All in all, it was a very successful fifth edition of the WCC for me. I ended up trying a new recipe from a book that is sadly underused in my house. Best of all, I ended up with a lovely cake.
Happy (belated) Cinco de Mayo!
Adapted from The King Arthur Flour Baker’s Companion.
For the cake:
- 1-1/2 cups unbleached all-purpose flour
- 2 teaspoons baking powder
- 1/2 teaspoon salt
- 6 large eggs, separated
- 1/2 teaspoon cream of tartar
- 1-1/2 cups sugar
- 1/3 cup cold water
- 2 teaspoons vanilla extract
- 1 teaspoon almond extract
- Preheat the oven to 350 degrees F and butter and flour a 9 x 13-inch pan.
- Whisk together the flour, baking powder and salt; set aside.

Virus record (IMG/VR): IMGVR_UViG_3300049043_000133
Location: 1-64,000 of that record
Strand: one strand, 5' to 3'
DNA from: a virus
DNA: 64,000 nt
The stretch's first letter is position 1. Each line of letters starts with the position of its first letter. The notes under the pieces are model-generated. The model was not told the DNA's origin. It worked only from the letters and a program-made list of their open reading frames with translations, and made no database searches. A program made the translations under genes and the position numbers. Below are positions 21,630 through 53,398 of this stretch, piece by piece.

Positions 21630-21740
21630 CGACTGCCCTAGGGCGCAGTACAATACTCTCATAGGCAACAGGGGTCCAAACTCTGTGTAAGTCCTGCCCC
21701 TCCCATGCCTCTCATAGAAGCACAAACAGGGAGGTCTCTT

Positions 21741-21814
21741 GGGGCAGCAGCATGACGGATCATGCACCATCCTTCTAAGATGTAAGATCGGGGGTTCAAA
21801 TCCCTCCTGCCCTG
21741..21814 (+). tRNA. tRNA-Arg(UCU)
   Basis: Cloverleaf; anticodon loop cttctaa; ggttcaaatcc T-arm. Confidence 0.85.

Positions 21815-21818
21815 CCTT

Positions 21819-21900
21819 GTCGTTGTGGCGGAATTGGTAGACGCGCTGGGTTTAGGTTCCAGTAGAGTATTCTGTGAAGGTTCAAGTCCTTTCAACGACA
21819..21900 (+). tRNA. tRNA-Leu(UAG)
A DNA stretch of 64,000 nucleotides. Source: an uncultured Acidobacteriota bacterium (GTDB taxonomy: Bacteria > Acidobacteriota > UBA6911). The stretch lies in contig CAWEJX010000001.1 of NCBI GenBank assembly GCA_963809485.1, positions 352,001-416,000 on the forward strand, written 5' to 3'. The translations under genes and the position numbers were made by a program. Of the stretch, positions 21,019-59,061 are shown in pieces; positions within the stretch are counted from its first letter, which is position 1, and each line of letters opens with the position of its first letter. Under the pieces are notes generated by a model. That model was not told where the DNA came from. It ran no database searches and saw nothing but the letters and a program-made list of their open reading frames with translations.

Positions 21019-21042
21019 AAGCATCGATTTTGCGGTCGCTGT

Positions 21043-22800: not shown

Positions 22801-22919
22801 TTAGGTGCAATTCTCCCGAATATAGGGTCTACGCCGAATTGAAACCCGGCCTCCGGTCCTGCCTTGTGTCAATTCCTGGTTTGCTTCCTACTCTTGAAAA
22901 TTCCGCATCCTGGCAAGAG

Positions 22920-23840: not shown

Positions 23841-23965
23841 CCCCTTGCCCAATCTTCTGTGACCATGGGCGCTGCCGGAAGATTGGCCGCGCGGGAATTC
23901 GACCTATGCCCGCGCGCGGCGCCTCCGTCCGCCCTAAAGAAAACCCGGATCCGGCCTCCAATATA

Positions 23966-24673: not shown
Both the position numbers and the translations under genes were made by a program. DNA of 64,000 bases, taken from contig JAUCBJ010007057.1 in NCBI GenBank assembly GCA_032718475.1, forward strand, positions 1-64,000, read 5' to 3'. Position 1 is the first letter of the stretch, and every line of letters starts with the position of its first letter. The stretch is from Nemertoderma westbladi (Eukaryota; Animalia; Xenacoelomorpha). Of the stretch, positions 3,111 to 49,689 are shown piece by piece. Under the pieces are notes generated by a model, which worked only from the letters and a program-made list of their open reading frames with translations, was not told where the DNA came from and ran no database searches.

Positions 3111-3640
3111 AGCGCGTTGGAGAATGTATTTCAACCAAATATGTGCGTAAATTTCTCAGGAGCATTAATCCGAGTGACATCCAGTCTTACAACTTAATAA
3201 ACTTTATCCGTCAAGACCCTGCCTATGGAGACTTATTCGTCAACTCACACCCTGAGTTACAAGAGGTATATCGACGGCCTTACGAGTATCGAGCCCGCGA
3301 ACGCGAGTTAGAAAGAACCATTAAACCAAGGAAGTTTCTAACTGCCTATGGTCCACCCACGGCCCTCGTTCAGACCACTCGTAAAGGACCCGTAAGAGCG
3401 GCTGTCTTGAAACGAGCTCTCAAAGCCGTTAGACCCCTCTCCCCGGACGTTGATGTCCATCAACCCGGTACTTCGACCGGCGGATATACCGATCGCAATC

- In a large bowl, whisk the egg whites with the cream of tartar until soft peaks form; set aside.
- In another bowl, beat the egg yolks until pale yellow and fluffy, about 3 minutes.
- Add the sugar and continue to beat the egg yolks until the mixture is very thick and falls from the beaters in ribbons.
- Add the cold water, vanilla and almond extracts to the egg yolk mixture. Mix well. Stir in the flour mixture.
- Gently fold in the beaten egg whites.
- Spoon the batter into the prepared pan and level it with a spatula or spoon. Bake the cake for 25 to 30 minutes, or until a cake tester inserted in the centre of the cake comes out clean.
- Let the cake cool in the pan for 20 minutes.
- With a knife, loosen the cake from the edges of the pan. Unmold the cake onto a large serving platter or onto the back of another sheet pan. Using a fork or a skewer, poke holes all over the cake’s surface. Let it cool for another 30 minutes.
For the tres leches:
- 1 cup heavy cream